This is a Guest Opinion Post by Eli. The Author was born and raised in Baragoi, Samburu North.
Prior to 1994, close to two decades ago, the only guns available to the Samburu community were the old Mark IV Rifles, which were operated by Home Guards, most of whom were older men. The Samburu Morans preferred the more fashionable twin spears (Mao). On the other hand, our neighbors, the Turkana, had already started acquiring newer guns and other arms from the Sudanese SPLM rebels, ostensibly to protect themselves from their other more aggressive neighbor, the Pokots. However, there are historical incidences of illegal arms among them from as early as the 1920s. Despite this, there was genuine PEACE in Samburu North. The Samburu would graze their animals as far west as Suguta Valley as well as go for water at Lokalaale. Similarly, cattle belonging to the Turkana would graze as far east as Lkerei. There was little or no animosity between the two tribes. In fact there were strong family friends among them and would visit each other on occasion.
The first ARMED raid in Baragoi, in my reckoning happened somewhere around the 28th May,1994, when heavily armed raiders from the Pokot Community came and raided villages occupied by the Turkana in Baragoi. Everyone (Turkana and Samburu) was aghast in the face of the new menace! However, there was no immediate repeat of this event, and it was thought to be a one-off incident. We went back to our old and usual peaceful co-existence and there was PEACE…
It is into this PEACE that a mixed group of herders from the Samburu and the Rendille communities from Marsabit District came to the plains of Baragoi in search of grass and pasture. Suddenly, thousands of cattle dotted Baragoi plains, stretching from Soito e Lkokoyo, Lamiroki, Suyian, to Ltepes Aare! They had come hundreds of kilometers , for many months, and through countless hardships. Finally they found a bit of respite. The innocent Rendilles and the youthful “Lmooli” sold their plentiful milk in the streets of Baragoi town for close to nothing, just to buy a bit of snuff, sugar and tea leaves. Still, there was PEACE!. Our neighbor, the Turkana, started to covet all the new wealth sprayed on the Baragoi plains. It were the days the sun was to set on PEACE in Lbarta!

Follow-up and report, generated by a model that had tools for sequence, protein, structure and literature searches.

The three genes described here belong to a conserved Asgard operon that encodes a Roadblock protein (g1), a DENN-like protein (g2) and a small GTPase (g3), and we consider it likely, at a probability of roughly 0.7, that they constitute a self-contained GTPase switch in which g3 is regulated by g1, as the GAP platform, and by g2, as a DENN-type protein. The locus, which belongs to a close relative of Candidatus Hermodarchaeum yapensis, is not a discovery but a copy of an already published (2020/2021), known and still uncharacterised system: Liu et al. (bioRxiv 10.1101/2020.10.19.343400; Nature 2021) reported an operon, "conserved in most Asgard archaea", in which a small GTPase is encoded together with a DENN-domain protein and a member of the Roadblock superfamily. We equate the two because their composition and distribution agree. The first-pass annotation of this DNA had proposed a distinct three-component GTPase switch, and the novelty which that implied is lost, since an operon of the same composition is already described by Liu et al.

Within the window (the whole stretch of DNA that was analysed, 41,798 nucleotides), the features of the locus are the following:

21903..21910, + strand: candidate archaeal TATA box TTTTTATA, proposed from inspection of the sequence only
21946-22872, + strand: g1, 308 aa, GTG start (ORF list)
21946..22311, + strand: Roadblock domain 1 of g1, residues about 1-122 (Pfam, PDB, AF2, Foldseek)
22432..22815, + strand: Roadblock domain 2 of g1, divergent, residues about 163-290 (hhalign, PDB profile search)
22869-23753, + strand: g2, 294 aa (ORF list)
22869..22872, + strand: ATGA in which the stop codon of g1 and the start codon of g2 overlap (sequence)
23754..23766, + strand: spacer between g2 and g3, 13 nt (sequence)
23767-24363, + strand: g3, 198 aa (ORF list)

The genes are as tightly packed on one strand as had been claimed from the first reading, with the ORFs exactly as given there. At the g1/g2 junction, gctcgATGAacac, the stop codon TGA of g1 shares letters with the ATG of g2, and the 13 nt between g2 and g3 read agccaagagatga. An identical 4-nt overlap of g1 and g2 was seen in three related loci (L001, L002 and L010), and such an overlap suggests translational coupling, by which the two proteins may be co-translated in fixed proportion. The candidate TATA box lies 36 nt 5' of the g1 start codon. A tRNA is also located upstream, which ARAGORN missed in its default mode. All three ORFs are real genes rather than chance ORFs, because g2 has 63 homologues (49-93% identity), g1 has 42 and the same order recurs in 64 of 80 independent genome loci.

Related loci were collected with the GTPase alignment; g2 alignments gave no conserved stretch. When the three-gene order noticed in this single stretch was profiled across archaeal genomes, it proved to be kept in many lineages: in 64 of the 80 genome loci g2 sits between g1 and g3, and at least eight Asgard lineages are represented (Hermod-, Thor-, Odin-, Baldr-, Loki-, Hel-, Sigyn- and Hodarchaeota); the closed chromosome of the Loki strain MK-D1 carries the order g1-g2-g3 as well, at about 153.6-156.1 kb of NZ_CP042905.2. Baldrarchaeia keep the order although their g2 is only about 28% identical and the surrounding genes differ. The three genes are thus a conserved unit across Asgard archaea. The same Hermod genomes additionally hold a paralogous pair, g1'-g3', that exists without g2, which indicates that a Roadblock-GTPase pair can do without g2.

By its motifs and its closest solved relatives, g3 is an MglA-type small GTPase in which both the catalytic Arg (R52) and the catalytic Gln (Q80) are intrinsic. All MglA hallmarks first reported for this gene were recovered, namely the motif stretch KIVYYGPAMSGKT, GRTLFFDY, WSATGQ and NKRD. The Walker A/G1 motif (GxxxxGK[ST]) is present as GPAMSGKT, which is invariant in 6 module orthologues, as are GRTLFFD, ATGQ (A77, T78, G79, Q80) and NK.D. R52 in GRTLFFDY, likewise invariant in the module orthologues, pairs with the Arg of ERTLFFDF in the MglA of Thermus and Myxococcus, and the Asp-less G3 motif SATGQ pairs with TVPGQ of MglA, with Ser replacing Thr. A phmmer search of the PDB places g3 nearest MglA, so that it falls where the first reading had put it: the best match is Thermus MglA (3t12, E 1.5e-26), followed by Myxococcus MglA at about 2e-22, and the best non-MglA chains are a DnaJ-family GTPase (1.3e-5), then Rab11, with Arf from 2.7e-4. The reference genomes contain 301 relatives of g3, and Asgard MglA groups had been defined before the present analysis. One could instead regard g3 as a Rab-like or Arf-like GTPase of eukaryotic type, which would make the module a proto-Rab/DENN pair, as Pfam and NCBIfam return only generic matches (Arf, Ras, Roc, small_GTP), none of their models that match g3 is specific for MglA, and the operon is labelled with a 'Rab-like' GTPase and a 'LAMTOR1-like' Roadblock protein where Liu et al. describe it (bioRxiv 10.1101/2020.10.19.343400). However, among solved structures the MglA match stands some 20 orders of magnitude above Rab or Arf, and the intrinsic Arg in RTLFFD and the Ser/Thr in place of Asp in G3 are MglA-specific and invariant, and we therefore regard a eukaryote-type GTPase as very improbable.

One morning mid 1996, hundreds of men from the neighboring Turkana community conducted a morning raid on the Rendille and Samburu Livestock that occupied Baragoi plains. With chilling precision and military ruthlessness they killed dozens of people and drove away thousands of cattle. The battle was fought the whole day. There were heroes as well as tragedy, foolishness and courage. The thieves were well prepared and their strategy was well thought out, which delivered victory in the end. The cattle was lost and more than 15 Rendilles/Samburus men killed. The reaction from the Government of Kenya was NIL.
The group of pastoralists from Marsabit went back home, hundreds of kilometers empty handed – one day rich and the next completely poor. So begun the conflict that has ravaged Baragoi and the entire Samburu North for close to two decades!